The Thin Red Line

Kingsley Amis said, amongst his many other witty comments, that more means worse. And nowhere is this truer than with regard to bureaucracy. Over-regulation continues its parasitic growth burdening almost every activity with cost and complication and, more often than not, not only failing to deal with problem sought to be addressed but instead creating an a new problem where none existed before. For far too long the answer from the politicians to every perceived problem (many of which only seem exist in their own warped imaginations) has been to pontificate, legislate, regulate and self congratulate seemingly oblivious of the harm they do to the economy and the common good. What is the solution?

Well, it appears that at long last it is beginning to dawn on the some of the politicians that action is needed. I attended an event at the British Embassy here last week on the theme of less bureaucracy, more digitalisation (as if a bureaucratic burden cannot be imposed digitally, but let’s be charitable). The gathering was attended by the British ambassador, the undersecretary of the state at the Ministry of Economy in Poland, various representatives from the Department for Business Innovation and skills from the United Kingdom, and from the EU the deputy head of the evaluation and simplification unit of the European Commission, as well as from business.

As with all such events the right sentiments were expressed. To create the efficient state government must change its approach from seeing citizens as applicants to seeing them as partners. In the current economic climate it is particularly important that red tape is reduced and that digital tools are in place to create the single market which market, if it is to compete successfully globally, must become digitalised. The United Kingdom and Poland have a shared interest in a resolution of the euro zone crisis but this of itself will not resolve the problem of growth. The economic balance is moving from west to east and from north to south and this is a function of competitiveness. Put simply, EU performance is weaker than that of its competitors and the gap is widening. The UK thinks that single market must be completed, that regulation should be smart and that the EU should look outwards. Of course, I have written here before, this is one of the cultural problems in the UK’s relationship with EU – we are not the “little Englanders” as the genuinely little mittel europas would have you believe but through history, culture and inclination are “big worlders”. The UK does look outwards.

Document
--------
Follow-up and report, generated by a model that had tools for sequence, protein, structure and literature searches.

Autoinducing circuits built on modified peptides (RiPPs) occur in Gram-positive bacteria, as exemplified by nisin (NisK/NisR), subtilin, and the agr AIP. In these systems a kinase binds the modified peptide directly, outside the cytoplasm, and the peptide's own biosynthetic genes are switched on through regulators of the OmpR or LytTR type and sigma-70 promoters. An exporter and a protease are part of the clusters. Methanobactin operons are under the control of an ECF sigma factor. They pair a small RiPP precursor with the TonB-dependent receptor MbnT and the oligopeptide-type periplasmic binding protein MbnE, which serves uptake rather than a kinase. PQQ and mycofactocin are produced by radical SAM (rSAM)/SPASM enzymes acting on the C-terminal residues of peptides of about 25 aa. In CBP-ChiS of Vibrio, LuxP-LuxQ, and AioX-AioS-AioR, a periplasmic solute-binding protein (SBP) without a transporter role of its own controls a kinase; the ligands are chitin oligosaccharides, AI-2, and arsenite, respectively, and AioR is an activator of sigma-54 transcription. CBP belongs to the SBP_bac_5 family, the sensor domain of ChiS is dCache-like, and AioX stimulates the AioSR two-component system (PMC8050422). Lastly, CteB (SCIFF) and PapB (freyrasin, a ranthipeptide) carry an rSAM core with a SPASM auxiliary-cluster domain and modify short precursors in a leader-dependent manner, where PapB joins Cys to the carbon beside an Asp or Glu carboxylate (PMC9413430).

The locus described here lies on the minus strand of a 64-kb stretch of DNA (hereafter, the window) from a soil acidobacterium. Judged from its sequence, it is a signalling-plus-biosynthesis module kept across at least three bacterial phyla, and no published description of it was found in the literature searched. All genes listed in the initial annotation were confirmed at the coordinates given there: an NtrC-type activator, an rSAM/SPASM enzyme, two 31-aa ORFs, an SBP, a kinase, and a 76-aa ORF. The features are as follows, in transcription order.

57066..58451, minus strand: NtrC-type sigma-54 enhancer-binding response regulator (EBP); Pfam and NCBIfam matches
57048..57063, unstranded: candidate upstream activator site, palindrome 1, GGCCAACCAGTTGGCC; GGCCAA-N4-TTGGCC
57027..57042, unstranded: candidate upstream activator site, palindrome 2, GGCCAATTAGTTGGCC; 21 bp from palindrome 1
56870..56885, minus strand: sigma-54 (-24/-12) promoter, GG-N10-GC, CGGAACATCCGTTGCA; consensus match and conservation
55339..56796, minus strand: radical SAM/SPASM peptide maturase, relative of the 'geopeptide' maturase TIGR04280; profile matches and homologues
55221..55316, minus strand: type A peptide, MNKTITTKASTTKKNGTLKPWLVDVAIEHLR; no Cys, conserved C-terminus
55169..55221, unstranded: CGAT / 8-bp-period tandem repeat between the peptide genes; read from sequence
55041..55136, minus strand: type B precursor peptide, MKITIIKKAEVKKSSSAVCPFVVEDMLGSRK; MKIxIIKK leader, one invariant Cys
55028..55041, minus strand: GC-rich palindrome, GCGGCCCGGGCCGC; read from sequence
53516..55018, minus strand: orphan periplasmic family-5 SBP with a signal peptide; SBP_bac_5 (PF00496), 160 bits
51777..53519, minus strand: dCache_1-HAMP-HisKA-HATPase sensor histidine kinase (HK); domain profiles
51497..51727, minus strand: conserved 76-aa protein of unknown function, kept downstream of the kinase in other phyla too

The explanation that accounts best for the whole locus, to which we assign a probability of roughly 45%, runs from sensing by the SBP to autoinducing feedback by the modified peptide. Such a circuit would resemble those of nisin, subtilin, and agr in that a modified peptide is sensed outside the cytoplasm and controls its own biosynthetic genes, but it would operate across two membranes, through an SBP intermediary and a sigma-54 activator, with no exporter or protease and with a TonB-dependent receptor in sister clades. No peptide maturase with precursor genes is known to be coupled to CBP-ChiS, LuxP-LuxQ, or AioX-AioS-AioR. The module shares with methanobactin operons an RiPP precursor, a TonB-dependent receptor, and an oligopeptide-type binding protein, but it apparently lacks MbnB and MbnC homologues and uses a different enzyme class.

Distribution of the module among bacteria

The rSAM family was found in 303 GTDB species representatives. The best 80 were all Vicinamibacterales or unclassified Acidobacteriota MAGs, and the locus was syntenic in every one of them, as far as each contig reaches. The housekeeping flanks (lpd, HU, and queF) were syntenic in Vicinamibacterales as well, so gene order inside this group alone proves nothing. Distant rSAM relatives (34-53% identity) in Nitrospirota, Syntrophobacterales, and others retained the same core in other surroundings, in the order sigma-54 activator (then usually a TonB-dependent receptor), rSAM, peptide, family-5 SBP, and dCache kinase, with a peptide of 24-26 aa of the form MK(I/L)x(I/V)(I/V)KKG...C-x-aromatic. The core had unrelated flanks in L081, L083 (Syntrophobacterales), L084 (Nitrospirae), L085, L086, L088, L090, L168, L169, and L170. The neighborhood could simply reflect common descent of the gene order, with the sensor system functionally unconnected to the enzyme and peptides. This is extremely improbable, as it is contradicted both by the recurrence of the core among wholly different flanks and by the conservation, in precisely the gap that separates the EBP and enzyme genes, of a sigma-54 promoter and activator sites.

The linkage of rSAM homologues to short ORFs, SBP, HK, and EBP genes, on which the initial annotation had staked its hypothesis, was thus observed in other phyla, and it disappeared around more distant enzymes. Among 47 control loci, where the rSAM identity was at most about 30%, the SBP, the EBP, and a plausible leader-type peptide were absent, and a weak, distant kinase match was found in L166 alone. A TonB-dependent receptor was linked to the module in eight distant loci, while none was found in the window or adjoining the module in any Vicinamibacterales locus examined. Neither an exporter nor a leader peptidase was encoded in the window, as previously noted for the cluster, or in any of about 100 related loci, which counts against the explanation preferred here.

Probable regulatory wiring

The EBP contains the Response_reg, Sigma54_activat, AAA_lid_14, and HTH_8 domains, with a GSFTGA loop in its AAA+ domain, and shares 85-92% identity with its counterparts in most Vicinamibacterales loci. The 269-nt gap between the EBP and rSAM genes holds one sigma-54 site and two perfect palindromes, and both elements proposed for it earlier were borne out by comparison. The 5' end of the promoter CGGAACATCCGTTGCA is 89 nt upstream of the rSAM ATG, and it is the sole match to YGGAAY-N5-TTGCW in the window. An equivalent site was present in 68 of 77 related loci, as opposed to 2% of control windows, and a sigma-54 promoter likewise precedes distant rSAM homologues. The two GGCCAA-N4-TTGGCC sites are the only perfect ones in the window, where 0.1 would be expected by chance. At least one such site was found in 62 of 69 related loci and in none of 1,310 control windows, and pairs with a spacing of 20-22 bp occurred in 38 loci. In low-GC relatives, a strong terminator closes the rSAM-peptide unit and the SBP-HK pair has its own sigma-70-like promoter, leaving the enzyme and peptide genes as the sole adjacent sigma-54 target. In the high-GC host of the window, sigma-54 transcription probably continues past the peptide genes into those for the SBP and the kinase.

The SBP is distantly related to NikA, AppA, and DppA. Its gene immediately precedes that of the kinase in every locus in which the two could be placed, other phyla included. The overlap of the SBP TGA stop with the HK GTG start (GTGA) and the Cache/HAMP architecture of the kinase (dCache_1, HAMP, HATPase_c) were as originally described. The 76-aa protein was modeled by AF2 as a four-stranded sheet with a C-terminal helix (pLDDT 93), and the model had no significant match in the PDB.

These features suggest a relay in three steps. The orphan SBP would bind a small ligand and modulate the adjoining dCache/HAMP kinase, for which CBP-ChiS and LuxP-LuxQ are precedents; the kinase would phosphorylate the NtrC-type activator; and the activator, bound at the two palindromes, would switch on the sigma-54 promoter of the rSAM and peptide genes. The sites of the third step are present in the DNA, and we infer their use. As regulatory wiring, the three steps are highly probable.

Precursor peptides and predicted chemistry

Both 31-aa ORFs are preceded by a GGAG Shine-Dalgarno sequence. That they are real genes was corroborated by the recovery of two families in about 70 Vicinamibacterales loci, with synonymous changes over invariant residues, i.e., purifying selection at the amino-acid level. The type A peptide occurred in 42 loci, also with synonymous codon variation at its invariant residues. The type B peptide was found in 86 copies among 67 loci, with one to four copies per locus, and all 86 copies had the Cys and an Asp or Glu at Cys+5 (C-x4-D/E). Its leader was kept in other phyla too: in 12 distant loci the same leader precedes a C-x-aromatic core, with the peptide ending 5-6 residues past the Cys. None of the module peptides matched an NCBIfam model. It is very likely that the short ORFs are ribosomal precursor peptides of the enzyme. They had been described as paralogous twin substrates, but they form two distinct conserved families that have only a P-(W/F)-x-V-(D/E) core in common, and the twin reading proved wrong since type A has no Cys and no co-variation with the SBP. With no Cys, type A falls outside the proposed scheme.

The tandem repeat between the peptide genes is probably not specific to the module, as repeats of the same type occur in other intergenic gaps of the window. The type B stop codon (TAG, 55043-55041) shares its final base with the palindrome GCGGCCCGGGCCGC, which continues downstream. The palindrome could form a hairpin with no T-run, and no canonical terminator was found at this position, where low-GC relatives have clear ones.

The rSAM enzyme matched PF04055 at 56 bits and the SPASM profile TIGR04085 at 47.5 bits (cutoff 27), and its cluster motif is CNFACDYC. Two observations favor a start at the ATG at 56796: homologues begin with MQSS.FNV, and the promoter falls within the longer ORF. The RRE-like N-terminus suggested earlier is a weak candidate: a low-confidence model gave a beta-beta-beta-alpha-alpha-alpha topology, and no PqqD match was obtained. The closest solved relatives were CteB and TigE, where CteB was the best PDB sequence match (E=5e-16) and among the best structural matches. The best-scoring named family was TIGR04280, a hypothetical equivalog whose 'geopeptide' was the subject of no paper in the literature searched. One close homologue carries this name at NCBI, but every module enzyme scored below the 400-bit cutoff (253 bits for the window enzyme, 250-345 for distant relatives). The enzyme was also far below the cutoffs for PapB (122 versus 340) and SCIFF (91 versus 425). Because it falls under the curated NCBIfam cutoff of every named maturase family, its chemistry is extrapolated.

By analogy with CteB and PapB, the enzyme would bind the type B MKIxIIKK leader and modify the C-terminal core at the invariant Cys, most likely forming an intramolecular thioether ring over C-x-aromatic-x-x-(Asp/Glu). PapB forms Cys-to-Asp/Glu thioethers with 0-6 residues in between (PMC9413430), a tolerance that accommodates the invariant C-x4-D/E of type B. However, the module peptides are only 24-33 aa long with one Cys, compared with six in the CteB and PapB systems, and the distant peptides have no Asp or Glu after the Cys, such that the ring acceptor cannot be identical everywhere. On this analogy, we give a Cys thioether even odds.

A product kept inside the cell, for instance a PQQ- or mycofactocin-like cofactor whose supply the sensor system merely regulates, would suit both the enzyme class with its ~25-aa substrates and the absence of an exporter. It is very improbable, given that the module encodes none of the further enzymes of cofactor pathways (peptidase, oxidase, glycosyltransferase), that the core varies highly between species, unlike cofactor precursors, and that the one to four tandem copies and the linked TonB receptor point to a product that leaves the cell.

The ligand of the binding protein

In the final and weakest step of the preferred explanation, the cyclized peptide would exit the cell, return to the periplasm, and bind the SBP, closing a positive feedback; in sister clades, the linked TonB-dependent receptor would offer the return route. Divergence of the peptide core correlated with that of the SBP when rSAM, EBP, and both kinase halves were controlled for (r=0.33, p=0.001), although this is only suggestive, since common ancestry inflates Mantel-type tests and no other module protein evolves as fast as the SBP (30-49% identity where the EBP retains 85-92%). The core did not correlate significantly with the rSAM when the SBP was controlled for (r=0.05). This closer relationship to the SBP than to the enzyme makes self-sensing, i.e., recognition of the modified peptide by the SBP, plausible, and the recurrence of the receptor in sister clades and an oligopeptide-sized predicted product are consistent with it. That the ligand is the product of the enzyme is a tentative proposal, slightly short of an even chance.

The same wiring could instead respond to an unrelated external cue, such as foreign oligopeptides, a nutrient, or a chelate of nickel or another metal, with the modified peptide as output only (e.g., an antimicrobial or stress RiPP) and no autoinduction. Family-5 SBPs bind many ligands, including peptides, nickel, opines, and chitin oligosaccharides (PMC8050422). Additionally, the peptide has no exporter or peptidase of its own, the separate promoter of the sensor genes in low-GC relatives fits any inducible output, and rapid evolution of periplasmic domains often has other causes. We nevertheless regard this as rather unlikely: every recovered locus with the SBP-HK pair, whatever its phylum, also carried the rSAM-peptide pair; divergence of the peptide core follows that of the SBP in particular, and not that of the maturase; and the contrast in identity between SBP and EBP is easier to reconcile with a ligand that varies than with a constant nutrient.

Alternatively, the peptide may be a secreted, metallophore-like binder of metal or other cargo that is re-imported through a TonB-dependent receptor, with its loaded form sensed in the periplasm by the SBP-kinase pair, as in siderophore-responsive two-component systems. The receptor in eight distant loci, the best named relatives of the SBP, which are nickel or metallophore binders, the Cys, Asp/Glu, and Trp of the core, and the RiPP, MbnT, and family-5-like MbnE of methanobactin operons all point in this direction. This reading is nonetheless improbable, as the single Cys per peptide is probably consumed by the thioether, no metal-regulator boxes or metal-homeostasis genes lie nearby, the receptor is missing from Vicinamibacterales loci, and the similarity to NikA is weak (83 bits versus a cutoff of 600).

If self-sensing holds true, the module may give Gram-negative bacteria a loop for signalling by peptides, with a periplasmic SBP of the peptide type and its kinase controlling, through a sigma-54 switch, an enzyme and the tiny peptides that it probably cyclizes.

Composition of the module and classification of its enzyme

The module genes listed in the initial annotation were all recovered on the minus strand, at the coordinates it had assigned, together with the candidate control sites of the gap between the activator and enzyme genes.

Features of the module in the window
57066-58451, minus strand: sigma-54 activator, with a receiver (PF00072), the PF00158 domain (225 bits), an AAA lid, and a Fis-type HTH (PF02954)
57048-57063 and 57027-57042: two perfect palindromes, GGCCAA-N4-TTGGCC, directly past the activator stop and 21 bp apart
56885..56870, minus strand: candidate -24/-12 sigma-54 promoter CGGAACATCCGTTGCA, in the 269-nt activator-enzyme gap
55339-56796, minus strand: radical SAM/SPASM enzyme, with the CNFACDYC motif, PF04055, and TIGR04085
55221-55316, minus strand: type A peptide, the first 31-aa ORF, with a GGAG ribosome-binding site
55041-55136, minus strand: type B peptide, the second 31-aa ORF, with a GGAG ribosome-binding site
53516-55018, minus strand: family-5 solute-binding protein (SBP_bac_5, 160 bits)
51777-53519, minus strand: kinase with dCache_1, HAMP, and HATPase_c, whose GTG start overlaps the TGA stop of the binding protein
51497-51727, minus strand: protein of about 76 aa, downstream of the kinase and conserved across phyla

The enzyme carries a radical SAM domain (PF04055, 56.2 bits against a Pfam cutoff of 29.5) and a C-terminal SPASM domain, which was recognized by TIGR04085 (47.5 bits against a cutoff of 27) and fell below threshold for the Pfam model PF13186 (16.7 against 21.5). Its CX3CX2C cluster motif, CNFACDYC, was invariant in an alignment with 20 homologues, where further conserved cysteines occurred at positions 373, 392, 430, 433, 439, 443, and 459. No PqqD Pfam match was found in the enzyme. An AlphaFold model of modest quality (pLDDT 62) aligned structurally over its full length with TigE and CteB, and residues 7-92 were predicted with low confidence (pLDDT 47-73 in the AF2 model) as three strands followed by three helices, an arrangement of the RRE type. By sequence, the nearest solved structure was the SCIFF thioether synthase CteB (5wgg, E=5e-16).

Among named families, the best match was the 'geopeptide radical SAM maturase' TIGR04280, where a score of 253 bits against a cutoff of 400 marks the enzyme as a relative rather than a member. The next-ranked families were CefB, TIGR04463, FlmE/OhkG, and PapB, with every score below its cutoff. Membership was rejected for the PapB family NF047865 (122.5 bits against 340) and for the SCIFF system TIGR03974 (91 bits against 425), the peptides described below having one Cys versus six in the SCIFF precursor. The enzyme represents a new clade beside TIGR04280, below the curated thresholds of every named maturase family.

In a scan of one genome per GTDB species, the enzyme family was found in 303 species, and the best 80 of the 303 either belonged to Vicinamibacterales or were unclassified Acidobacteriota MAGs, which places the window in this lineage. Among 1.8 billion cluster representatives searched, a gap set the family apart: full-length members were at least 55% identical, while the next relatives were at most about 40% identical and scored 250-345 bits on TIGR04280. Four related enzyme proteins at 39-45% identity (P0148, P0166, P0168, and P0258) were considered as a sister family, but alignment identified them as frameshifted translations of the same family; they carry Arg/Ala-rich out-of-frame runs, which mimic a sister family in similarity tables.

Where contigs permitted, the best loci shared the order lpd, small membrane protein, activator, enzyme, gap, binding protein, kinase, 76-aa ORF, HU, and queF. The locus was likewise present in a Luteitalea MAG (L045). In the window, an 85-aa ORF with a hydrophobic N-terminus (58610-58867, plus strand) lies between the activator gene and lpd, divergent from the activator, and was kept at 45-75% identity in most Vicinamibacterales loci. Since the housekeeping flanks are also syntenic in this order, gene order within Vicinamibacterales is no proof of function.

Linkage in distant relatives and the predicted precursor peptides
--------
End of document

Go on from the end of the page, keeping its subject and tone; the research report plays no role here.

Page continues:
Be that as it may, we will not succeed in having less bureaucracy, apparently, if policy does not support better regulation and digitalisation which, from the UK perspective, means ensuring the that single market and trade policy are right as these are key to EU prosperity. The single market is only half as effective as it could be and fully implemented singe market measures could make the EU from three to five per cent richer. A liberalised EU trade policy towards the rest of the world is needed as most of the growth is coming from emerging markets elsewhere. The EU needs inward investment and an open trade environment to place the EU in the global supply chain and generate wealth. In this context the EU/USA free trade negotiations are to be welcomed.

Turning then to smart regulation, the UK has implemented the red tape challenge which is aimed at reducing regulations by working through and considering the stock of regulation as a whole, discussing and agreeing which may be removed. Of the 2500 regulations considered so far half will be scrapped. The process should be completed by the end of this year. In addition there flow of new regulations had also been considered with a “one in one out” approach already being replaced by a “one in two out approach”. The cost of a new regulation is now assessed before it is imposed and so far £1 billion of cost burdens has been saved and more is expected. But – and it is the biggest of buts – much new regulation is a result of rule setting at the EU level where the impact assessment work of the EU has been patchy. The brakes need to be firmly applied there. Last November, 13 member states did write to the EU Commission asking for a reduction in the regulatory burden and a new strategy was brought out last December. Much more needs to be done to reduce the overall regulatory burden faced by EU businesses if they are to compete effectively in the world.

In summary, the UK experience is that a clear and agreed objective is needed to eliminate unnecessary regulatory costs; a change of culture so that costs are thought of before reaching Pavlov like for new regulation; and decisions on regulation should be informed by evidence, for example impact assessments (themselves a form of bureaucracy, alas). There is still a long way to go.

In my view the problem is that although the evidence is clear, there is little general acceptance amongst the Eurocrats that here is a problem that needs urgent and dramatic action. One simple example: the latest nonsense proposed by the EU Commission is to seek to require every member state to hold EU elections on the same day, a Sunday, as well as some even more sinister requirements. Why? Each member state has its own traditions and there is no need for any change. The fact that the EU now seeks to regulate something which needs no regulation and which has not been regulated in the past betrays a mind set which is out of touch with reality and contemptuous of anything other than its own navel gazing.

A thin red line? No, rather a Gordian knot of broad red tape with no Alexander in sight.

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